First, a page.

Attorneys in Michigan are not required to take any continuing legal education after law school to keep their law license. If an attorney has a current ICLE Probate Certificate, it means that the attorney went through at least 56 hours of continuing education courses in estate planning and estate administration within 3 years and at least 12 hours annually thereafter. Although I am only required to take 40 hours of continuing education each year for my CPA, I regularly take 60 to 80 hours of continuing education courses each year. The reason why I take so many is that I am doing estate planning, which is the legal equivalent that heart surgery is to medicine. Doesn’t it make sense that your estate planner keep up-to-date with their estate planning skills in order to properly draft financial and health care powers of attorney, wills and trusts If your estate planner does not have a current Michigan ICLE Probate Certificate, find a planner that does.
- Your health care power of attorney does not include the five essential provisions.
I believe every health care power of attorney should, at a minimum, include five essential provisions, among others. 1) You should appoint a patient advocate and at least two backups to make medical and mental health care decisions for you when you cannot. 2) You should include mental health care powers to allow your patient advocate to make mental health care decisions such as those regarding dementia, anxiety or depression. 3) Health Insurance Portability and Accountability Act (HIPAA) provisions appointing your patient advocate as HIPAA representative, allowing your patient advocate to have access to your medical records and talk to your health care providers, and to sign releases of those records to other health care or insurance providers. 4) If you want to do an anatomical gift or organ donation, you can include the power to allow your patient advocate to make sure that it happens. 5) You should include living will provisions which are the instructions that you have for when to withhold or withdraw artificial means of life support at end-of-life. If your health care power of attorney does not include all five essential provisions, find an estate planner who will prepare your estate plan properly.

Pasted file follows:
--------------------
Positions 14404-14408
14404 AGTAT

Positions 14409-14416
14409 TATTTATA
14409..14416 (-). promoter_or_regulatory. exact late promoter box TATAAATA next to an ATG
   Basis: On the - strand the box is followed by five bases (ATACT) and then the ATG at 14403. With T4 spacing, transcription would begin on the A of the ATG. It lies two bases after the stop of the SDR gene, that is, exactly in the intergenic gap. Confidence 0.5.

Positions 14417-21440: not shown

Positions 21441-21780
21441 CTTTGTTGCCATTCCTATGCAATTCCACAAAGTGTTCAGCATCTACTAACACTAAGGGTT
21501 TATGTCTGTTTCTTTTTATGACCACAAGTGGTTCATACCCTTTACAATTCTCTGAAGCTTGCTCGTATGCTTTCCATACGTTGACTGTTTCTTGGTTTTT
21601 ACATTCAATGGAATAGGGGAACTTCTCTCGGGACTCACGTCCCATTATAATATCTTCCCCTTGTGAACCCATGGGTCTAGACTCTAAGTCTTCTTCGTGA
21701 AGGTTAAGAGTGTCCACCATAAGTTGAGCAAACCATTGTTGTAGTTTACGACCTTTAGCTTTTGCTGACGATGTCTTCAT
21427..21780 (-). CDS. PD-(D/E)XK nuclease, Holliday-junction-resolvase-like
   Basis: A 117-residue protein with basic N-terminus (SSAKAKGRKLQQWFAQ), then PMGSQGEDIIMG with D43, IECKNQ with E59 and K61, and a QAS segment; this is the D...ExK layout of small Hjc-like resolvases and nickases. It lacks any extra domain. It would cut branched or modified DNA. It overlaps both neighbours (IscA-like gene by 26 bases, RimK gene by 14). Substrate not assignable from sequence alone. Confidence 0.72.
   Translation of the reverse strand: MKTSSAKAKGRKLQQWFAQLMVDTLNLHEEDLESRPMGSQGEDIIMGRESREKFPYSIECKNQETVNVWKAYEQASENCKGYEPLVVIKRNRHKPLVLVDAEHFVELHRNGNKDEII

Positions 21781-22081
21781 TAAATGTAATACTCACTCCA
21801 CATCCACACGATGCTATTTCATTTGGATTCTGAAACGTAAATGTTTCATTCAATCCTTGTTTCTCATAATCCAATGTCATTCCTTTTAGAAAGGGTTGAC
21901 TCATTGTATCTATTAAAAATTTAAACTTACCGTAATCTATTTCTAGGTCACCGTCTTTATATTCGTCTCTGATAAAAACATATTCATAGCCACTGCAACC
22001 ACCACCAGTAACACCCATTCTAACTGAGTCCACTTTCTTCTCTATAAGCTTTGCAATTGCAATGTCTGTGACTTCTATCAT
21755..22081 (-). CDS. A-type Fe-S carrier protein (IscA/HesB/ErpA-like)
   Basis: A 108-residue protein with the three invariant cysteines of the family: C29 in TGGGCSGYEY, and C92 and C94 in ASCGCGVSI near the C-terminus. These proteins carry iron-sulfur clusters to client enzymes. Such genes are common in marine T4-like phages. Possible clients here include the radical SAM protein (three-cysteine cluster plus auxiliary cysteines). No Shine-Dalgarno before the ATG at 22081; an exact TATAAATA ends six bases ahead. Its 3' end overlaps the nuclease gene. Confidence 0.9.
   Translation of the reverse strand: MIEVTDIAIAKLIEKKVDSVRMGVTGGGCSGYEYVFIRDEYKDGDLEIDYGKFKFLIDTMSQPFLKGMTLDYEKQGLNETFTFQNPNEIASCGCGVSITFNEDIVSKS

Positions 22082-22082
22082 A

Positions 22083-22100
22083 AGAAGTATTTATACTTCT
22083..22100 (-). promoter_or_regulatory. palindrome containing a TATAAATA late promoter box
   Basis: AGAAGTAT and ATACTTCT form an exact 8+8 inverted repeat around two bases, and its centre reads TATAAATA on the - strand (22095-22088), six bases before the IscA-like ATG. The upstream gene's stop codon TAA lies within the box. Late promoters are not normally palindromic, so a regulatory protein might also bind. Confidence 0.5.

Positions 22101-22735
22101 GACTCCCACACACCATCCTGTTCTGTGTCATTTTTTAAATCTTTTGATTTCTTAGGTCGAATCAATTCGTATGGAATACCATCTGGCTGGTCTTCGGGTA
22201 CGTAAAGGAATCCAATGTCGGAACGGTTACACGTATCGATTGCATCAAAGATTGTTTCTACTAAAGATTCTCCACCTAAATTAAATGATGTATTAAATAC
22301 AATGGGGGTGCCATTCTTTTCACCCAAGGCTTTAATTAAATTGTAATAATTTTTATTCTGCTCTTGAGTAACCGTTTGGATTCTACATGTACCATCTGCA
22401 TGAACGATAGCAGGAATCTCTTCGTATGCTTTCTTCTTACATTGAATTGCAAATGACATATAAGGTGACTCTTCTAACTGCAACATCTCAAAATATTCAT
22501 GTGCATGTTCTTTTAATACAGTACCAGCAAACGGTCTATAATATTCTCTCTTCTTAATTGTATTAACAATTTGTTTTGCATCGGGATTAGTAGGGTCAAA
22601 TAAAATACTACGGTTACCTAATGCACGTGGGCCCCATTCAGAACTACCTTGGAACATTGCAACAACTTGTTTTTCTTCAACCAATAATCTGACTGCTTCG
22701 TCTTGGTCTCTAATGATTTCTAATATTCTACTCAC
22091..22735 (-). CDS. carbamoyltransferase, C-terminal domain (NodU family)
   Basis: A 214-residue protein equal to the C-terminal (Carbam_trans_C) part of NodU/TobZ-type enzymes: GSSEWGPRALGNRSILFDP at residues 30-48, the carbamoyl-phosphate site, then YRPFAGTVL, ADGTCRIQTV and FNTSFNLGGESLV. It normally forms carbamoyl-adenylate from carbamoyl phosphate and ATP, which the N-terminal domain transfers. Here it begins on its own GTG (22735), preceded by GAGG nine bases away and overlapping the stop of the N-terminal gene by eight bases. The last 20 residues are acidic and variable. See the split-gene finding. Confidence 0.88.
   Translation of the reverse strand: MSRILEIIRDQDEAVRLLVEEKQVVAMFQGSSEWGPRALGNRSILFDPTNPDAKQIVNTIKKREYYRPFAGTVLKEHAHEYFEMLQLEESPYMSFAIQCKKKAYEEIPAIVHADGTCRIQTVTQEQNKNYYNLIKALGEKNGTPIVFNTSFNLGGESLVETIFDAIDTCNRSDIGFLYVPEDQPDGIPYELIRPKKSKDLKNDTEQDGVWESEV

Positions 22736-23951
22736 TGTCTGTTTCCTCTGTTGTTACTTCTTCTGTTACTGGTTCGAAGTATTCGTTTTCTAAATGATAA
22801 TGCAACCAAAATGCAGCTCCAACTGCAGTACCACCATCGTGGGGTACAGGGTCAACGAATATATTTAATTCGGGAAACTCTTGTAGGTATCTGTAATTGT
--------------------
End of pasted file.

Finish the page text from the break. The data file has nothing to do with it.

- You have a provision that states that two doctors determine that you are mentally disabled.
Two doctors is a common form document provision for the determination of your mental disability which triggers your successor financial agents in your financial power of attorney and your successor trustees of your trust. Since it is in the form, it is very often included in your documents without consulting with you. Most of our clients want to keep matters private within the family and choose a disability panel made up of family members who make the determination either by majority rule or by unanimous declaration that you could not effectively manage your property or financial affairs.
- Your trust is not fully-funded.
If you have a trust, it should be fully-funded now while you are alive and well, rather than after you are gone using the probate court process. Trust funding is completely and correctly designating your trust and individuals as owners, beneficiaries and insured parties of your assets. Basically, it’s putting your stuff in your trust. Are all your bank and investment accounts, stocks, bonds, mutual funds and real estate titled in the name of your trust? Do you have your trust named as beneficiary of all of your life insurance policies and retirement assets? Do you have contingent beneficiaries on all of your beneficiary designations, and do they coordinate with your will or trust? If you have real estate and/or vehicles titled in your trust’s name, do their insurance policies name your trust as an additional insured? In my 31 years of preparing and administering estate plans, I have not seen even a single new client’s existing trust that has been fully-funded.
As you can see there are many reasons why you may want to take a look at your estate planning documents and have them reviewed by an experienced estate planning attorney so that you can stay in control of your assets while you’re alive and well, provide for you and your loved ones in the event of your mental disability, and when you’re gone, give what you have to whom you want when you want the way you want, all at the lowest overall cost to you and your loved ones.
By Matthew M. Wallace, CPA, JD
Published edited July 2, 2017 in The Times Herald newspaper Port Huron, Michigan as: Why you should update estate plan